The Nature Conservancy: New Administrator Sullivan Brings Science Focus and Collaborative Skill to NOAA

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Senate confirms Kathryn D. Sullivan, Ph.D., as the tenth administrator of the National Oceanic and Atmospheric Administration (NOAA)


Arlington, VA   March 10, 2014

The United States Senate has confirmed Kathryn D. Sullivan, Ph.D., as the tenth administrator of the National Oceanic and Atmospheric Administration (NOAA), the nation’s top science agency for climate, oceans, and the atmosphere.

“We’ve had the fortune of working with Administrator Sullivan for many years, and are grateful for her extraordinary knowledge and skill. Her scientific background is a tremendous asset, but she also has a remarkable ability to bring people together to achieve really critical, large-scale results,” said The Nature Conservancy’s Managing Director of Public Policy Lynn Scarlett. “We’re excited to have her confirmed in this important role.”

Sullivan has been acting in this role since February 2013. Prior to that, she was assistant secretary of commerce for environmental observation and prediction and deputy NOAA administrator, and also performed as the agency's chief scientist. She is both an oceanographer and an astronaut—the first American woman to walk in space.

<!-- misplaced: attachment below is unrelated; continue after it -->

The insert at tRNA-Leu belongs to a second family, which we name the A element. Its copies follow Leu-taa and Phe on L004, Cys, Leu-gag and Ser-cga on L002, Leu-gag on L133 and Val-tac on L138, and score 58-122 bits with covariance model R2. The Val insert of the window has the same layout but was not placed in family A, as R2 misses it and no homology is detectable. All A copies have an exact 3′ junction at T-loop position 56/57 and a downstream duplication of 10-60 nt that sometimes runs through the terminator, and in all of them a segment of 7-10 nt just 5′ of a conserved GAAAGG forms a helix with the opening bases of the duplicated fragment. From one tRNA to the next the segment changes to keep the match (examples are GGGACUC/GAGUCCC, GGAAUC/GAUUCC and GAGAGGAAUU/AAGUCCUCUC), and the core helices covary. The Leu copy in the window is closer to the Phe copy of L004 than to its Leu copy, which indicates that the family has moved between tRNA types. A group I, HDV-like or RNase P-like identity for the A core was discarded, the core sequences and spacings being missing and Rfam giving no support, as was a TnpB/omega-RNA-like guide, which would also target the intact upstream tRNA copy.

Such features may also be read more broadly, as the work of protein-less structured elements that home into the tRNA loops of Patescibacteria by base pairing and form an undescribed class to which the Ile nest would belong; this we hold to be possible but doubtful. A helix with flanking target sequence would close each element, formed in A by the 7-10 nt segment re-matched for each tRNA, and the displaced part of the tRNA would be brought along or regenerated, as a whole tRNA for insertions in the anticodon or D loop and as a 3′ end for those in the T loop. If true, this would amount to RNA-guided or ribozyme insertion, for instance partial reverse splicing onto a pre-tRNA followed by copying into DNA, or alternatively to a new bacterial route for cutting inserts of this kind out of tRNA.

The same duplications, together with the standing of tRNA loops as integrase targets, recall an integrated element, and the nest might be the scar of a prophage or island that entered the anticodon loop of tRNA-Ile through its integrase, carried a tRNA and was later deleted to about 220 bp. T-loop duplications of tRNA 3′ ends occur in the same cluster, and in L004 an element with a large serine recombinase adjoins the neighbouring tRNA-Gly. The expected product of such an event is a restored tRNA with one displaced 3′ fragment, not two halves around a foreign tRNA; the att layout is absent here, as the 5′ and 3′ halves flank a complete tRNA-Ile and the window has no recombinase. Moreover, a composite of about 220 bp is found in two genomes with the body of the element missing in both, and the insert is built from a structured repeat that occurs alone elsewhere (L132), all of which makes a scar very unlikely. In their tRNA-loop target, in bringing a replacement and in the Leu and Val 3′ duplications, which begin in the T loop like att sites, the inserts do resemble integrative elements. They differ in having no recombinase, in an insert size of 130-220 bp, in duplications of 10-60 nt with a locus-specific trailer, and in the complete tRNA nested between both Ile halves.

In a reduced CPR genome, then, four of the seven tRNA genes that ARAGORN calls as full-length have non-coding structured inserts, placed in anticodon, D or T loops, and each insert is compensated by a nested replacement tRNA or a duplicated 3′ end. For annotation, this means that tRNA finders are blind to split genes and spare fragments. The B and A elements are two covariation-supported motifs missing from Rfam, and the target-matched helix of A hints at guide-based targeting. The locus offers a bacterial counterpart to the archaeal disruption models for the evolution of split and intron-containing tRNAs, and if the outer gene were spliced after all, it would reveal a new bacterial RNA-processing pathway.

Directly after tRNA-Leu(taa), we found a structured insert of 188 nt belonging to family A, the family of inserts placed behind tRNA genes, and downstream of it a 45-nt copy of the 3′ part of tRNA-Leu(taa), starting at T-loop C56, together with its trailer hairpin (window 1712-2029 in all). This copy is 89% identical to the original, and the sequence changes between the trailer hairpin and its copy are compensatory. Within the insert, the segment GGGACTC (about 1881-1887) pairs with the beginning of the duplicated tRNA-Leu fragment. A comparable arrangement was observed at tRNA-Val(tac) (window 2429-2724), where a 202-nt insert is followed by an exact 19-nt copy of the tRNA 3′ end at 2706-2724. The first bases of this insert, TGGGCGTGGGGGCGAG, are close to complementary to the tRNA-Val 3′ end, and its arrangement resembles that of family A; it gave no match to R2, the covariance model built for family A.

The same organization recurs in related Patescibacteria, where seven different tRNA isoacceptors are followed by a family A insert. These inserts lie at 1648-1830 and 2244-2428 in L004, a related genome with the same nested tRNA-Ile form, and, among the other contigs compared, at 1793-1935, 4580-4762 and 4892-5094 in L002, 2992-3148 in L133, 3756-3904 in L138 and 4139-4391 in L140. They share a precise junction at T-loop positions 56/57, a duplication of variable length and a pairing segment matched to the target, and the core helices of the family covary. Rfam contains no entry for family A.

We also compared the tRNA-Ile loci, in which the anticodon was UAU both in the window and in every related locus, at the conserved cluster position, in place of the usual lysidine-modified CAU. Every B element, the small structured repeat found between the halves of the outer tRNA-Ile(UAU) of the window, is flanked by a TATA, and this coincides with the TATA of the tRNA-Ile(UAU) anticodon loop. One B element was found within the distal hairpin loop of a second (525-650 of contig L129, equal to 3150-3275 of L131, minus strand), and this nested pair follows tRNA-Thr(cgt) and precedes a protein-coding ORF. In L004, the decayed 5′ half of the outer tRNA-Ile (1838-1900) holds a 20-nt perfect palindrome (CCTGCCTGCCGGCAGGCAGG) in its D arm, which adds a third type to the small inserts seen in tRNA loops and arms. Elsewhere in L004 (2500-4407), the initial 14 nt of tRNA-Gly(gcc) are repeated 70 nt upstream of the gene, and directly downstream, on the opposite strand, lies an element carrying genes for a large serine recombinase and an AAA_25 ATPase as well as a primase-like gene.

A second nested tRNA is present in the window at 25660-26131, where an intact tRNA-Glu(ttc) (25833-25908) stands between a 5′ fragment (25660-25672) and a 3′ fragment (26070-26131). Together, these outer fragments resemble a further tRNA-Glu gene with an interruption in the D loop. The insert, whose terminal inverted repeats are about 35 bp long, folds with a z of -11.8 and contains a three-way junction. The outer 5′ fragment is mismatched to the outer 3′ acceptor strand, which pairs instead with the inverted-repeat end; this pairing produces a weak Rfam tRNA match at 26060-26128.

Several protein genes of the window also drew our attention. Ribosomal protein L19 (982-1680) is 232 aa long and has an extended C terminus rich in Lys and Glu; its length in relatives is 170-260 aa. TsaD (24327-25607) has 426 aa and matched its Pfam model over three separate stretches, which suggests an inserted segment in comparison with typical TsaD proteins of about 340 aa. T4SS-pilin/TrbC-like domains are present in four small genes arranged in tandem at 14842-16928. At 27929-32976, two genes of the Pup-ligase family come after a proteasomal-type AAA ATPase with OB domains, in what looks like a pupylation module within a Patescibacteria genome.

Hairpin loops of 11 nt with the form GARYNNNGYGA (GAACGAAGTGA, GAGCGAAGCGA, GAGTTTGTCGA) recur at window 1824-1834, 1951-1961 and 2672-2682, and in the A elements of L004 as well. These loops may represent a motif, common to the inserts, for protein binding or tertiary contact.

“NOAA and The Nature Conservancy are both science-based organizations with people on the ground in every U.S. state and locations around the world,” noted Scarlett. “Our shared understanding of what it takes to conserve resources for healthy oceans and air, as well as our shared commitment to do this work at a large scale, makes us natural partners. We’ve enjoyed great results from working with NOAA in the past, and we look forward to more of that in the coming years with the leadership of Administrator Sullivan,” concluded Scarlett.
 


The Nature Conservancy is a leading conservation organization working around the world to protect ecologically important lands and waters for nature and people. The Conservancy and its more than 1 million members have protected nearly 120 million acres worldwide. Visit The Nature Conservancy on the Web at www.nature.org.

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